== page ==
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“a-Galactosidase A Loaded Nanoliposomes with Enhanced Enzymatic Activity and Intracellular Penetration”

Unit 1 of NANBIOSIS, Protein Production Platform (PPP), Unit 3, Synthesis of Peptides, Unit 20, In Vivo Experimental Platform and Unit 6, Biomaterial Processing and Nanostructuring Unit, have jointly developed the research conducted in relation with a CO2-based methodology for the one-step production of protein-nanoliposome conjugates as bio-active nanomaterials with therapeutic interest. The results have been published in Advanced Healthcare Materials: http://www.ncbi.nlm.nih.gov/pubmed/26890358

“a-Galactosidase A Loaded Nanoliposomes with Enhanced Enzymatic Activity and Intracellular Penetration I. Cabrera, I. Abasolo, J. L. Corchero, E. Elizondo,  P. Rivera, E. Moreno, J. Faraudo, S. Sala, D. Bueno, E. González-Mira, M. Rivas, M. Melgarejo, D. Pulido, F. Albericio, M. Royo, A. Villaverde, M. F. García-Parajo, S. Schwartz Jr., N. Ventosa,*, and J. Veciana,*

Lysosomal storage disorders (LSD) are caused by lysosomal dysfunction usually as a consequence of deficiency of a single enzyme required for the metabolism of macromolecules such as lipids, glycoproteins and mucopolysaccharides. For instance, the lack of alpha-Galactosidase A (GLA) activity in Fabry disease patients causes the accumulation of glycosphingolipids in the vasculature leading to multiple organ pathology.

Enzyme replacement therapy (ERT), which is the most common treatment of LSD, exhibits several drawbacks mainly related to the instability and low efficacy of the exogenously administered therapeutic enzyme. In this work, the unprecedented increased enzymatic activity and intracellular penetration achieved by the association of a human recombinant GLA to nanoliposomes functionalized with RGD peptides is reported. Moreover, these new GLA loaded nanoliposomes lead to a higher efficacy in the reduction of the GLA substrate named globotriasylceramide (Gb3) in a cellular model of Fabry disease, than that achieved by the same concentration of the free enzyme. The preparation of these new liposomal formulations by DELOS-SUSP, based on the Depressurization of a CO2-Expanded Liquid Organic Solution, shows the great potential of this CO2-based methodology for the one-step production of protein-nanoliposome conjugates as bioactive nanomaterials with therapeutic interest.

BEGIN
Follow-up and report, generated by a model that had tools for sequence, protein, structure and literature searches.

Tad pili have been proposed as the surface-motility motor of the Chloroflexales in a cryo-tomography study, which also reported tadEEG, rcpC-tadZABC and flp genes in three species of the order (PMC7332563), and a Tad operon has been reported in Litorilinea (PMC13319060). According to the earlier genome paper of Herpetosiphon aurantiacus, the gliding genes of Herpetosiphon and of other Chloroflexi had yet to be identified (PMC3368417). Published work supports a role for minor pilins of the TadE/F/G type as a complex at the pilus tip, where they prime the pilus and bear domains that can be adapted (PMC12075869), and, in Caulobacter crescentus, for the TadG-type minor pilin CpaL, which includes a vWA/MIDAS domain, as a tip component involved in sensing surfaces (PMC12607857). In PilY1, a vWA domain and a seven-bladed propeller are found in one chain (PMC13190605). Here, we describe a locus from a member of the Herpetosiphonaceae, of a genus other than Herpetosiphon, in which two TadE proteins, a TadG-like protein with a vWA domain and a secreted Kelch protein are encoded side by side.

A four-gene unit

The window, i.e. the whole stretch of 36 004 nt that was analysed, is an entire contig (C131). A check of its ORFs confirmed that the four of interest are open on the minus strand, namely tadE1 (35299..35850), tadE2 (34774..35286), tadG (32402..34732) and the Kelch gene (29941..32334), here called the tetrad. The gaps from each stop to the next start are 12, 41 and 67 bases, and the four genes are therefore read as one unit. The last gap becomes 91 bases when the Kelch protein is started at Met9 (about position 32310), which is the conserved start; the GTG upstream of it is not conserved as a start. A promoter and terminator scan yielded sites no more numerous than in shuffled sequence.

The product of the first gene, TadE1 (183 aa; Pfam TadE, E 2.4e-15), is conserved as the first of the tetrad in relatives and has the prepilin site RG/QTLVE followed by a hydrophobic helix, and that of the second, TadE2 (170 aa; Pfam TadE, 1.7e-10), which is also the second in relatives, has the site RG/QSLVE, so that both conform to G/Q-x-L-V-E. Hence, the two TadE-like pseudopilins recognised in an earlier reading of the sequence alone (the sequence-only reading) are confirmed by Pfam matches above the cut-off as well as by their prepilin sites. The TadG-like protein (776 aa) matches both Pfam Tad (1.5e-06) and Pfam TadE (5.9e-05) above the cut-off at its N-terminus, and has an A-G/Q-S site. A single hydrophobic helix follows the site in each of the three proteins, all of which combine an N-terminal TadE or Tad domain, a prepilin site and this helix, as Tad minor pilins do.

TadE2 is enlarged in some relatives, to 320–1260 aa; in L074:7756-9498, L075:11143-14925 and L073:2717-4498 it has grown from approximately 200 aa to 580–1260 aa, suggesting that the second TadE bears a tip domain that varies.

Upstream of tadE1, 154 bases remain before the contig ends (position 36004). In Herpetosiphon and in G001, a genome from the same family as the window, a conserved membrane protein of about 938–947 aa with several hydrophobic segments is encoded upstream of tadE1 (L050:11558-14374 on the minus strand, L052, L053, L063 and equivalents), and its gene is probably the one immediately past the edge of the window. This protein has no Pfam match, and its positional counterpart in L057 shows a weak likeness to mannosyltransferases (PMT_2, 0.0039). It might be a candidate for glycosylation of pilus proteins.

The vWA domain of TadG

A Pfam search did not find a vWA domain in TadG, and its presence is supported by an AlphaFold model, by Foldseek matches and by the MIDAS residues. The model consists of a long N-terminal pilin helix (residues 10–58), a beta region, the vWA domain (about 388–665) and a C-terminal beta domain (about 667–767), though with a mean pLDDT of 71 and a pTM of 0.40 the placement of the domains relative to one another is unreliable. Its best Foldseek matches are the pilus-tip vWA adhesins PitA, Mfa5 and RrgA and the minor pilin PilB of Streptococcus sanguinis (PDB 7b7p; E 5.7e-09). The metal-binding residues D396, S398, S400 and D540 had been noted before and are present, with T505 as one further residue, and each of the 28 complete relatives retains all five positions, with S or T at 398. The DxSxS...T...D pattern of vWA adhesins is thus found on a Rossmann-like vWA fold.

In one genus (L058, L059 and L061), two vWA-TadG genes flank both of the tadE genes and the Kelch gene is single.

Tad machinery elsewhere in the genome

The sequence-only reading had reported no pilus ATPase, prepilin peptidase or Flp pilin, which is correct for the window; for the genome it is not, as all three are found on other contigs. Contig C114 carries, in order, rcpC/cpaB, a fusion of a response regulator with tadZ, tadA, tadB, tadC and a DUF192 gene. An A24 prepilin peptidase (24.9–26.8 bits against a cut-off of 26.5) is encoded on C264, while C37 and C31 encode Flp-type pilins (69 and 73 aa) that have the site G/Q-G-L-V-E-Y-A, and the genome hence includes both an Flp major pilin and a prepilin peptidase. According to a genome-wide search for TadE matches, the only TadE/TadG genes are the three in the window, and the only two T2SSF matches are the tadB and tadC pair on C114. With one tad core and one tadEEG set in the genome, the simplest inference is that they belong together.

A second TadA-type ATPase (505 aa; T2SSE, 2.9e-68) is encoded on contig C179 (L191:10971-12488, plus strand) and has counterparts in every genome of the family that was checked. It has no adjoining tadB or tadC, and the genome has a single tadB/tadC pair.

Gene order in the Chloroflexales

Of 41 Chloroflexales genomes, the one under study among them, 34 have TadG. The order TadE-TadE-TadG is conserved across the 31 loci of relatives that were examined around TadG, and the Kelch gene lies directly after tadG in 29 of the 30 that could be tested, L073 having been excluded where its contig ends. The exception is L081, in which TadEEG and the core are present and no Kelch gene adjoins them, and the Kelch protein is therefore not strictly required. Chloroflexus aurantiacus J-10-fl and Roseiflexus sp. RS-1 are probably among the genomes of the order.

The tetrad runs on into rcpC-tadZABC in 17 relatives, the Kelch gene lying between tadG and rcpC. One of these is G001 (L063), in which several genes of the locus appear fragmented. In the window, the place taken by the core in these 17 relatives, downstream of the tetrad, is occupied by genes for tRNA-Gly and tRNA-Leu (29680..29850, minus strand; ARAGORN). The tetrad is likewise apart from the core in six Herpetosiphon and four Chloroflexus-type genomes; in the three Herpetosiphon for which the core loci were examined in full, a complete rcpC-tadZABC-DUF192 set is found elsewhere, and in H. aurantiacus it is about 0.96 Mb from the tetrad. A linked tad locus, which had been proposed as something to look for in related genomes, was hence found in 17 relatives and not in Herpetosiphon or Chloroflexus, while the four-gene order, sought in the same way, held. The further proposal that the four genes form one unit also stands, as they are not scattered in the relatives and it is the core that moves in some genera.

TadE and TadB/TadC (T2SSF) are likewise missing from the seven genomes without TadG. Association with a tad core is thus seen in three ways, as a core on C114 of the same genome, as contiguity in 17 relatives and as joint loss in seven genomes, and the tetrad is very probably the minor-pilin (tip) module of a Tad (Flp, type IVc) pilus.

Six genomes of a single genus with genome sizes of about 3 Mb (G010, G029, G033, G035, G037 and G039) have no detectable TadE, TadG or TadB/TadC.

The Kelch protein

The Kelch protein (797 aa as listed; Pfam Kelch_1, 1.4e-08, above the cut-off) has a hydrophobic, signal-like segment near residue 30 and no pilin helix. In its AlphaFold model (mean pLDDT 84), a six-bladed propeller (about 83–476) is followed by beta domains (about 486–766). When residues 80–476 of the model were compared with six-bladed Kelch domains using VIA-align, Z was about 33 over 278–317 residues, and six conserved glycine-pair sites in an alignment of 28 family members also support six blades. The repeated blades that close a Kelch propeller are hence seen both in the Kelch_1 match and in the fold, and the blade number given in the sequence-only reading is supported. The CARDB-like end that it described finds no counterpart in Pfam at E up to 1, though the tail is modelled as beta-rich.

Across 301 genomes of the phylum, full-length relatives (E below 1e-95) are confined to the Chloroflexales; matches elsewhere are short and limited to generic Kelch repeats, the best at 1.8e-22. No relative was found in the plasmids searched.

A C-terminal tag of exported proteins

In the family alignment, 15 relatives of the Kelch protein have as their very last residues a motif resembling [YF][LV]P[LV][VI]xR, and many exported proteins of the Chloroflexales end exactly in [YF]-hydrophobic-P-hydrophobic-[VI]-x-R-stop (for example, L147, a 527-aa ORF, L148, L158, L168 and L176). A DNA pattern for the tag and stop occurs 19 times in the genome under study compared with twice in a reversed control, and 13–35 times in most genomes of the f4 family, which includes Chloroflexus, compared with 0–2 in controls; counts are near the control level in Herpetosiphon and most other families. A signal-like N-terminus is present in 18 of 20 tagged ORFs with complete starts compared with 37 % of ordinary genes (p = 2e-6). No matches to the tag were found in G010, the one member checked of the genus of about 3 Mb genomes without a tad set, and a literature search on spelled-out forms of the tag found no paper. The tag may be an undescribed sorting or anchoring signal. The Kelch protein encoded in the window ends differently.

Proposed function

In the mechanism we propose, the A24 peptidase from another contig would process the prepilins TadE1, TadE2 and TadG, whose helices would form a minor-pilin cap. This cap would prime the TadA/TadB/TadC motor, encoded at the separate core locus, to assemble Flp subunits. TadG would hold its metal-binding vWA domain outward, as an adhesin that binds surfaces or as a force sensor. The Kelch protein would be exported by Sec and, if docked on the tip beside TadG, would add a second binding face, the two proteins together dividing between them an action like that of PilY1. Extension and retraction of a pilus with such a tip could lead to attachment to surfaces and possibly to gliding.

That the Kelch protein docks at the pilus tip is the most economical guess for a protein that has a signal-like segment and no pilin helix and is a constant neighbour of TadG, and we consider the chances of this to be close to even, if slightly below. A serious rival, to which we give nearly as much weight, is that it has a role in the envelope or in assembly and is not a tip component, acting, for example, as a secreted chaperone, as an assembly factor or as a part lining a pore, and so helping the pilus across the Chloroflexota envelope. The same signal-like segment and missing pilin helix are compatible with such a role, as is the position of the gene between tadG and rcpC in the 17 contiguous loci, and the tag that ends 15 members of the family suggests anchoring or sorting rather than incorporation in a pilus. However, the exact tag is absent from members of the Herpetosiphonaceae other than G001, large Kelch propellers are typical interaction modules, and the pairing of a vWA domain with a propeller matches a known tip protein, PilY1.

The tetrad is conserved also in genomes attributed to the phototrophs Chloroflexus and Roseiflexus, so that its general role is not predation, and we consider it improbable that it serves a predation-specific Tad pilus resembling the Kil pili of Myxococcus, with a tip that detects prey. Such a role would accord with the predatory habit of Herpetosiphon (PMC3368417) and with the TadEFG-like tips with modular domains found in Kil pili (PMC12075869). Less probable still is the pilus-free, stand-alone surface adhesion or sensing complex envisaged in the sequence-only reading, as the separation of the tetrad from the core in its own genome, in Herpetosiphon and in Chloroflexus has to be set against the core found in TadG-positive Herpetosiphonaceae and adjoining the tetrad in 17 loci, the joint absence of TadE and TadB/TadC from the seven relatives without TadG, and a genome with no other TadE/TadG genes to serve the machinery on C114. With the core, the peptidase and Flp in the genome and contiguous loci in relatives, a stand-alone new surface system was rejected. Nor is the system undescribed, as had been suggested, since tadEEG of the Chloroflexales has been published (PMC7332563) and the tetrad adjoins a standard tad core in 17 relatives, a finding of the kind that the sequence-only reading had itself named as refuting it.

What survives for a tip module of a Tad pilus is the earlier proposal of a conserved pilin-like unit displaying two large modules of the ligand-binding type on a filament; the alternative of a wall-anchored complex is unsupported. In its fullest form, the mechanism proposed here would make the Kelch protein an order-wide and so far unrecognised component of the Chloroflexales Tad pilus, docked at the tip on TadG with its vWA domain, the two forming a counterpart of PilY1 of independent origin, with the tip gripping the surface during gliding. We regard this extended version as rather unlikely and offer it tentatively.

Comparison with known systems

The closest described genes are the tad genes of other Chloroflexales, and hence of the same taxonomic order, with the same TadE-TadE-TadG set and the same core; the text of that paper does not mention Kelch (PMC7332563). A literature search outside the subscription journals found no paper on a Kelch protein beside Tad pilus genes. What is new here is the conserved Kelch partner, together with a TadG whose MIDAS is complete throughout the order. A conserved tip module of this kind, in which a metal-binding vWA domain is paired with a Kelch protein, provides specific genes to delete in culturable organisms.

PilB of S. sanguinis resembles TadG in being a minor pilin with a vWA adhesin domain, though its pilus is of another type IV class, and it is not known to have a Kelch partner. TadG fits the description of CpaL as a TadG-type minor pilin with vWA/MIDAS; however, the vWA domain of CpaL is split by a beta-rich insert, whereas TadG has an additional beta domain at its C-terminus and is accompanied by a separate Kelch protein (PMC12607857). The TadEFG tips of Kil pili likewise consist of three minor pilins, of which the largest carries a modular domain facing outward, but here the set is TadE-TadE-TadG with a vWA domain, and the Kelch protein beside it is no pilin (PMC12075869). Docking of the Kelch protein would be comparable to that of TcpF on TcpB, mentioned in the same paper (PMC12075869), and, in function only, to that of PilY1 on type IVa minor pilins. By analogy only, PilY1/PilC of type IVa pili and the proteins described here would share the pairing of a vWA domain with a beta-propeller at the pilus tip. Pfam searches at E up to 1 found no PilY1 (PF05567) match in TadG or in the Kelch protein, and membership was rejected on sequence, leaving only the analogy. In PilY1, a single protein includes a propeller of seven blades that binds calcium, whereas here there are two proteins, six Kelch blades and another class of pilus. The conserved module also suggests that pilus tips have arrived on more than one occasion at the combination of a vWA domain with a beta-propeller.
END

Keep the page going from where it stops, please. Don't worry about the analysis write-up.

“a-Galactosidase A Loaded Nanoliposomes with Enhanced Enzymatic Activity and Intracellular Penetration”
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Unit 1 of NANBIOSIS certified with ISO 9001: 2008

Unit 1 of NANBIOSIS, Production Platform Protein (PPP) at the Autonomous University of Barcelona, ​​directed by Dra. Neus Ferrer and coordinated by Professor Antonio Villaverde, provides the service of production and purification of recombinant proteins in different systems expression, microbial and non-microbial. This service was audited last November, based on the UNE EN ISO 9001: 2008 AENOR, who has issued a favourable certification report.

The requirements of this standard cover all aspects of management. This certification will expand and consolidate the service  that the Unit 1 of NANBIOSIS is giving to companies and public sector researchers and facilitate their integration in cooperative international projects.

AENOR is a Spanish company, renowned in national and international levels, in the development of standardization and certification activities. It was, in 1996 the first Spanish entity accredited by the National Accreditation Body (ENAC)

Nanbiosis_Unit 1 of NANBIOSIS certified with ISO 9001- 2008
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Researchers from the Folding and Conformational Diseases Group at the Institute of Biotechnology and Biomedicine Group are part of the European project Neuromed to develop molecules and detect biomarkers of this disease before the signs of neurodegeneration become evident.

The Neuromed project is led by the University of Zaragoza and aims to design molecules, drugs and new diagnostic tools early for three neurodegenerative diseases in which defective proteins are involved: Parkinson’s disease and two rare diseases, phenylketonuria and protein TTR Amyloidosis.

The coordination of the Parkinson’s research line will be directed, from the IBB, by Salvador Ventura, principal researcher and director the  Protein Folding and Conformational Diseases group and Professor at the Department of Biochemistry and Molecular Biology at the UAB. Researchers in his group are also involved in the project.

The goal of Professor Ventura and his collaborators is focused on developing a diagnostic kit that will allow early and sensitive detection of the presence of Parkinson’s biomarkers in blood and cerebrospinal fluid, in such a way  that the treatment of the disease can begin before the signs of neurodegeneration are obvious.

Neuromed strikes a common element of the three diseases to be investigated: their conformational defects. The research will look for new molecules that can even recover the activity of defective proteins. The combination of computational and biophysical techniques to identify and develop compounds that are tested in cell and animal models would allow the development of drugs active on the three diseases, and will contribute to the early diagnosis of Parkinson.

The Consortium Neuromed involves six partners from Spain, Portugal and France. The research groups, Including the one of professor Ventura, have consolidated expertise in the approach to diagnose and treat these diseases. The project will run for 14 months and has a total cost exceeding EUR 1 million.

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